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  Amiga Convention '96 Montreal and the Atlanta Amiga Portable Unveiling
                            By:  Jason Compton 
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It feels like I've been all over the place in the past month, which hasn't
helped me sit down and work on Amiga Report.  But here I am, with a few
hours to spare until my set deadline for the issue, and I'd like to at
least try to do SOME justice to the events I attended.

Amiga Convention '96 in Montreal was held in early August at the downtown
Howard Johnson Hotel.  The weekend got off to a good start in our "all we
have left but it's pretty cheap, all things considered" hotel suite.
Friday night was filled with the usual meeting up with people, catching up
on personal business, and going out to dinner multiple times.  Among
others, I was finally able to meet Commodore legend Jim Butterfield.
Particularly if the Amiga is not your first Commodore computer, you should
either be familiar with Jim's name, or be ashamed of yourself.

Saturday morning, the show kicked off.  Unlike last year's AC and most
conventional trade shows, AC was not held in a huge room but instead in a
series of large meeting rooms.  There was a lot of hanging out in stairways
and hallways as a result--not a bad thing, since much of the point of a
trade show is to socialize.  Exhibitor turnout was substantial, but there
was a notable lack of strong presence by hardware developers.  Left to
represent that aspect of Amiga business on their own was Silent Paw, makers
of the PAWS 1200 portable.  Software manufacturers were reasonably well
represented by the wit and charm of Dale Larson and his IAM crew, Syzygy
and their Digital Universe-churning demo unit, Bob Fischer and his ImageFX
and Aladdin 4D promotion, and Moebius Technology, whose spreadsheet program
is in developmental stages.  Rounding off the software developers was
clickBOOM, creators and publishers of the upcoming Capital Punishment for
the Amiga.  Retailers on the scene included National Amiga, Valleysoft,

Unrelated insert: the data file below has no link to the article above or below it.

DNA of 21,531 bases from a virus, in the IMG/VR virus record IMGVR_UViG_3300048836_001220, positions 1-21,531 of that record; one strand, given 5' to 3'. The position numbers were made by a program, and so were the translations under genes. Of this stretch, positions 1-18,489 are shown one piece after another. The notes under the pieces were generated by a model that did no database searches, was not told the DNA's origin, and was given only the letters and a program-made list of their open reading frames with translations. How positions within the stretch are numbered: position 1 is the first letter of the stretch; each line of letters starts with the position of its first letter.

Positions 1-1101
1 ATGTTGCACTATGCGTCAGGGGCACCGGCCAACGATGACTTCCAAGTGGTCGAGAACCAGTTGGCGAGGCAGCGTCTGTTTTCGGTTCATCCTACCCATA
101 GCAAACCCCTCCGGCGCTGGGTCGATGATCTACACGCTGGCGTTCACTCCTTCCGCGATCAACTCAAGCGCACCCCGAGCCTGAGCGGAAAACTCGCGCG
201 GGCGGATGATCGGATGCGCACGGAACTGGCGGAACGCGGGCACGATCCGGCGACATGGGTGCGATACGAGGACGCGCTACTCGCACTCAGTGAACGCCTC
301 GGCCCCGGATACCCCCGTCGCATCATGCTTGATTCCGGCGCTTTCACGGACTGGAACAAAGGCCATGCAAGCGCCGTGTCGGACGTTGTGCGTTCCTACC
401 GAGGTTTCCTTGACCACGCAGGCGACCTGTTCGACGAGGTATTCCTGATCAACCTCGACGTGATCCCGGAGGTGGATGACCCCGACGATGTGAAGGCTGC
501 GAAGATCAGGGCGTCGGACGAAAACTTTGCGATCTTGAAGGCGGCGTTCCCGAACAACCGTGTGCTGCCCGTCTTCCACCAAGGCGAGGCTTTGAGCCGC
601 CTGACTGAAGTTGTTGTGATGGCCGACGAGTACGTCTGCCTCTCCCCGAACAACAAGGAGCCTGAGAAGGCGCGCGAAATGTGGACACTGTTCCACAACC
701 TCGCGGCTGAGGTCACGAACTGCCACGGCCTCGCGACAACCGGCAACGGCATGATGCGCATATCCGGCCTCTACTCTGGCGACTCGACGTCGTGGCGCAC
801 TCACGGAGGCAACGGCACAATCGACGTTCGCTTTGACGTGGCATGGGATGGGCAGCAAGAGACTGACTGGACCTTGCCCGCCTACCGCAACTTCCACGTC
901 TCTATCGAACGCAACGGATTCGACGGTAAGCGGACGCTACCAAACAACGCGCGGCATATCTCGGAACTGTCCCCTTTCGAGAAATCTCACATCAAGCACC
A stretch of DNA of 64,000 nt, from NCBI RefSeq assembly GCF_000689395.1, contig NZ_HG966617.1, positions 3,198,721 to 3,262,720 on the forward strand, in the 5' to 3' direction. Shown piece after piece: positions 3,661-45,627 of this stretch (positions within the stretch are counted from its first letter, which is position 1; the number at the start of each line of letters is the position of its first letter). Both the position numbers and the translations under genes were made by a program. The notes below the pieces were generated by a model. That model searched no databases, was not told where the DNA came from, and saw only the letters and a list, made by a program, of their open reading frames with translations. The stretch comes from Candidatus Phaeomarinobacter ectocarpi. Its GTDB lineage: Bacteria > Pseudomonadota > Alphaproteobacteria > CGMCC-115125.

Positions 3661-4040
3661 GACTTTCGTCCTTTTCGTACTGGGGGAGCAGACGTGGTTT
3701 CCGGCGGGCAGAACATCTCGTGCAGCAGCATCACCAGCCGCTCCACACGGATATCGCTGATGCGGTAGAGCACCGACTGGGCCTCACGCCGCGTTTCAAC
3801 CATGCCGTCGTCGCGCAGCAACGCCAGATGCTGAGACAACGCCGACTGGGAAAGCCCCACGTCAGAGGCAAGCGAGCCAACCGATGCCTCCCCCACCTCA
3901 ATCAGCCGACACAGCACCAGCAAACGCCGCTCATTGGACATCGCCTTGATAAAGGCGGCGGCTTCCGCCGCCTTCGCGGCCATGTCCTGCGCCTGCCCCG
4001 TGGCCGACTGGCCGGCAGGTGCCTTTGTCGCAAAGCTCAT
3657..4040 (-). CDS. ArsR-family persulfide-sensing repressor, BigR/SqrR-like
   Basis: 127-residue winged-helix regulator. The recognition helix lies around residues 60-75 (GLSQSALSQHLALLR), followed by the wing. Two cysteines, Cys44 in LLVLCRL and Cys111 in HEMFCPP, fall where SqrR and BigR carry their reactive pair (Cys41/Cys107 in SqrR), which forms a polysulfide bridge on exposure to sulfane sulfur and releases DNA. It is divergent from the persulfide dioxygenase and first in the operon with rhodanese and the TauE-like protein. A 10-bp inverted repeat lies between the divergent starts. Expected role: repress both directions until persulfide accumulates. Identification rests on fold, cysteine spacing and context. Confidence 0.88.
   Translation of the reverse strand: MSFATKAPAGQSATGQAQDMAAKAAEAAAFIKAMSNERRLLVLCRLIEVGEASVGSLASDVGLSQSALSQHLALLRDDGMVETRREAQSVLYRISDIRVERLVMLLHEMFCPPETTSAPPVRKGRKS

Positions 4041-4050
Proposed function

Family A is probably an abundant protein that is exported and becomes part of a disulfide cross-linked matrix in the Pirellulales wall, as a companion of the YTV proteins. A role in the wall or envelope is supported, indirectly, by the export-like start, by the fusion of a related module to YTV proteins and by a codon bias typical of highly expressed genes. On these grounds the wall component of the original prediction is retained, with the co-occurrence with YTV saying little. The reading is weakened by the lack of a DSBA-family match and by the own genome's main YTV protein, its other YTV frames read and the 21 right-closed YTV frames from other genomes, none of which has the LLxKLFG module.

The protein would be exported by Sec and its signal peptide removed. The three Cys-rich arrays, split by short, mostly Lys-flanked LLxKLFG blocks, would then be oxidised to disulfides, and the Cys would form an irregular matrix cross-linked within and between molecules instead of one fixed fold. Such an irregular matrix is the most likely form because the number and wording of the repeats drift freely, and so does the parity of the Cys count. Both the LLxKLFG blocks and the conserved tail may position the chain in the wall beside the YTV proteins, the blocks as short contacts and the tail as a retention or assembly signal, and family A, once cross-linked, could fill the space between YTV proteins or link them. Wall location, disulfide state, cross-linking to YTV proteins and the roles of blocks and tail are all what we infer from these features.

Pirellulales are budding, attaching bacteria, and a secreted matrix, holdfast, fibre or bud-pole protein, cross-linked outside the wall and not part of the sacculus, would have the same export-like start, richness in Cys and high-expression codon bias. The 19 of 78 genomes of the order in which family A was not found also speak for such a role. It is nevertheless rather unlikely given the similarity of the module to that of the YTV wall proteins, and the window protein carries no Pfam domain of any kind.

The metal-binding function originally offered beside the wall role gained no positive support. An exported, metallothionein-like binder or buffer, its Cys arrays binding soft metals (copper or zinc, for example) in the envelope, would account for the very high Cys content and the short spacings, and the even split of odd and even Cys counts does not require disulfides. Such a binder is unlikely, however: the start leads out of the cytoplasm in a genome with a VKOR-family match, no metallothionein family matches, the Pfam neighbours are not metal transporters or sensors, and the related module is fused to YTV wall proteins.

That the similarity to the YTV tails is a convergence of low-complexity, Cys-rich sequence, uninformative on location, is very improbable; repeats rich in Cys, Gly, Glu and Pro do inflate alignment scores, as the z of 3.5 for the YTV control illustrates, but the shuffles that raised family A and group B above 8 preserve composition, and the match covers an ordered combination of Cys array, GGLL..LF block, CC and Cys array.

Wonder Computers, and The Computer and You.

Not too much in the way of new product was available.  IAM launched their
new MRBackup software, and clickBOOM was showing yet another Capital
Punishment demo, this one 060 compatible.

National Amiga had a lot of last-chance items, including a stack of CDTVs
and A600s.  If you shopped in another room, you would have seen dozens of
A3000s on sale for ridiculously low prices.  About 40 were sold at the
event.

The show featured a keynote by VIScorp VP of Business Development David
Rosen, as well as demonstrations and programs throughout the two-day
session.  Final attendance was estimated at something under 400 people.
Not stellar, which was surprising given the amount there really was to see
and do, but not bad, either.

Of course, the real fun is the night life.  Saturday night consisted of
Vietnamese food and Laser Quest, a game where you don a big plastic vest
and gun and run around a blacklit maze shooting at each other.  Since I was
dressed in a white t-shirt, I was a great target and got shot an awful lot.

Sunday, there was a panel discussion with myself, David Rosen, and Dale
Larson of IAM.  Lots of questions came from the audience, worried about
future Amiga direction and cooperation with other companies.

Sunday night was the really neat one.  The local Virtual World franchise
helped sponsor the event and put on a demonstration.  There were also free
passes for all the event staff and VIPs, so we played a few rounds of
Battletech.  Within our group of 6 players (Myself, Katherine Nelson, Dale
Larson, Robert Hardy, Adam The IAM Intern, and Al Mackey), I managed to win
all three matches. :)

In Atlanta, the tone was considerably different.  VIScorp had committed,
months ago, to sending a rep to Atlanta in August.  When it finally came
time to really send someone, I was asked to attend.  Luckily, QuikPak came
to my rescue and gave me something real to talk about.  They are developing
a new motherboard to be placed in an industry-standard OEM portable
computer case, which will put a portable A4000-class machine on the market.

The new computer will have a color LCD capable of Amiga video modes.  In
addition, the new motherboard will have 040 and 060 design and up to 128
megs of memory directly.  There will be Zorro and video slots, allowing for
a fully portable video editing station based on Amiga technology.
Estimated retail cost is around $3000, and count on it being six months
away.  The unit will be AC power only, and is not the same design Silent
Paw has been working on.

The Atlanta group turnout was decent, and I fielded questions for what
roughly seemed like forever.  Thankfully, it's all on video so I can keep
straight in my head what exactly happened. :)

Coming up for the rest of the year, it looks like there may well be two
Toronto Amiga shows.  Amazing Computers is planning a November show with
Comspec and Randomize, and Wonder Computers is planning a second showing of
their World of Amiga show in December.  Of course, the other big upcoming
shows will be the Cologne Computer '96 and the Video Toaster Expo.  I hope
to see you there!